doi:10.1093/jxb/erw373
PMCID: PMC5100023  PMID: 27811080
Cytoplasm; FIE; MEA; PcG; Polycomb complex; PRC2.
2.  Comparative Methylome Analyses Identify Epigenetic Regulatory Loci of Human Brain Evolution 
Molecular Biology and Evolution  2016;33(11):2947-2959.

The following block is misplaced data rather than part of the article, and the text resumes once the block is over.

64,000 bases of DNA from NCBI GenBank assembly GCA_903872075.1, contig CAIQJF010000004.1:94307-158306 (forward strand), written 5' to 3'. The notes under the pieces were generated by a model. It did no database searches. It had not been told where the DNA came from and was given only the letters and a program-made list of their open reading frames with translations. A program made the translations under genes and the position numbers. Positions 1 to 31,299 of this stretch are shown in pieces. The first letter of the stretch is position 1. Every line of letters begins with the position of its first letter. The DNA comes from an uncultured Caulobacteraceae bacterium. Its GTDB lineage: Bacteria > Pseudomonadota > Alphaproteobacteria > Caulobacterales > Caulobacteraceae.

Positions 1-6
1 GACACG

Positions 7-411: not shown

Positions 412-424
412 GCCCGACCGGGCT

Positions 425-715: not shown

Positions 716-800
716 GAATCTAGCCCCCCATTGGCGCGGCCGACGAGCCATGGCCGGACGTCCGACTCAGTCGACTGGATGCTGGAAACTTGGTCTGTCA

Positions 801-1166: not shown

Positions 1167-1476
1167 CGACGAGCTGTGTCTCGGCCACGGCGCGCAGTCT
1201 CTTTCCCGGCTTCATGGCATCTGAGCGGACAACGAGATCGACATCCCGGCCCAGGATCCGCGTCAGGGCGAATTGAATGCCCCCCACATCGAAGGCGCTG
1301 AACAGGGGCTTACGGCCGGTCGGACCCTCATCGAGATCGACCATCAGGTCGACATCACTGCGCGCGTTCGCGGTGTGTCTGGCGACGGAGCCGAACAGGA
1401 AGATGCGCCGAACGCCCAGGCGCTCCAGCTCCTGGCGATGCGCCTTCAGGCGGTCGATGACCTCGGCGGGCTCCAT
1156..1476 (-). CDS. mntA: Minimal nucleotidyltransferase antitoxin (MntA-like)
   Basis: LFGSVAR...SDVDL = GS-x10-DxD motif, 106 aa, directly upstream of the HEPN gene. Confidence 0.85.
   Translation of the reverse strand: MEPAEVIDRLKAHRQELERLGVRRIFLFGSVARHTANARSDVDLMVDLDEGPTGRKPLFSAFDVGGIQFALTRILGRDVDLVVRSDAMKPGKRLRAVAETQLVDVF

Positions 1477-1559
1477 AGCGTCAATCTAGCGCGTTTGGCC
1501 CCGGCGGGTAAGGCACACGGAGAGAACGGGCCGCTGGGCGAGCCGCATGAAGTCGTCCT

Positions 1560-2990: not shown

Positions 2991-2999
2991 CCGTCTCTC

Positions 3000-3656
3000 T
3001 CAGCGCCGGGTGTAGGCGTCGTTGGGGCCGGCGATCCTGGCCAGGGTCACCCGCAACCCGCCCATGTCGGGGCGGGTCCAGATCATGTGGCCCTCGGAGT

How do epigenetic modifications change across species and how do these modifications affect evolution? These are fundamental questions at the forefront of our evolutionary epigenomic understanding. Our previous work investigated human and chimpanzee brain methylomes, but it was limited by the lack of outgroup data which is critical for comparative (epi)genomic studies. Here, we compared whole genome DNA methylation maps from brains of humans, chimpanzees and also rhesus macaques (outgroup) to elucidate DNA methylation changes during human brain evolution. Moreover, we validated that our approach is highly robust by further examining 38 human-specific DMRs using targeted deep genomic and bisulfite sequencing in an independent panel of 37 individuals from five primate species. Our unbiased genome-scan identified human brain differentially methylated regions (DMRs), irrespective of their associations with annotated genes. Remarkably, over half of the newly identified DMRs locate in intergenic regions or gene bodies. Nevertheless, their regulatory potential is on par with those of promoter DMRs. An intriguing observation is that DMRs are enriched in active chromatin loops, suggesting human-specific evolutionary remodeling at a higher-order chromatin structure. These findings indicate that there is substantial reprogramming of epigenomic landscapes during human brain evolution involving noncoding regions.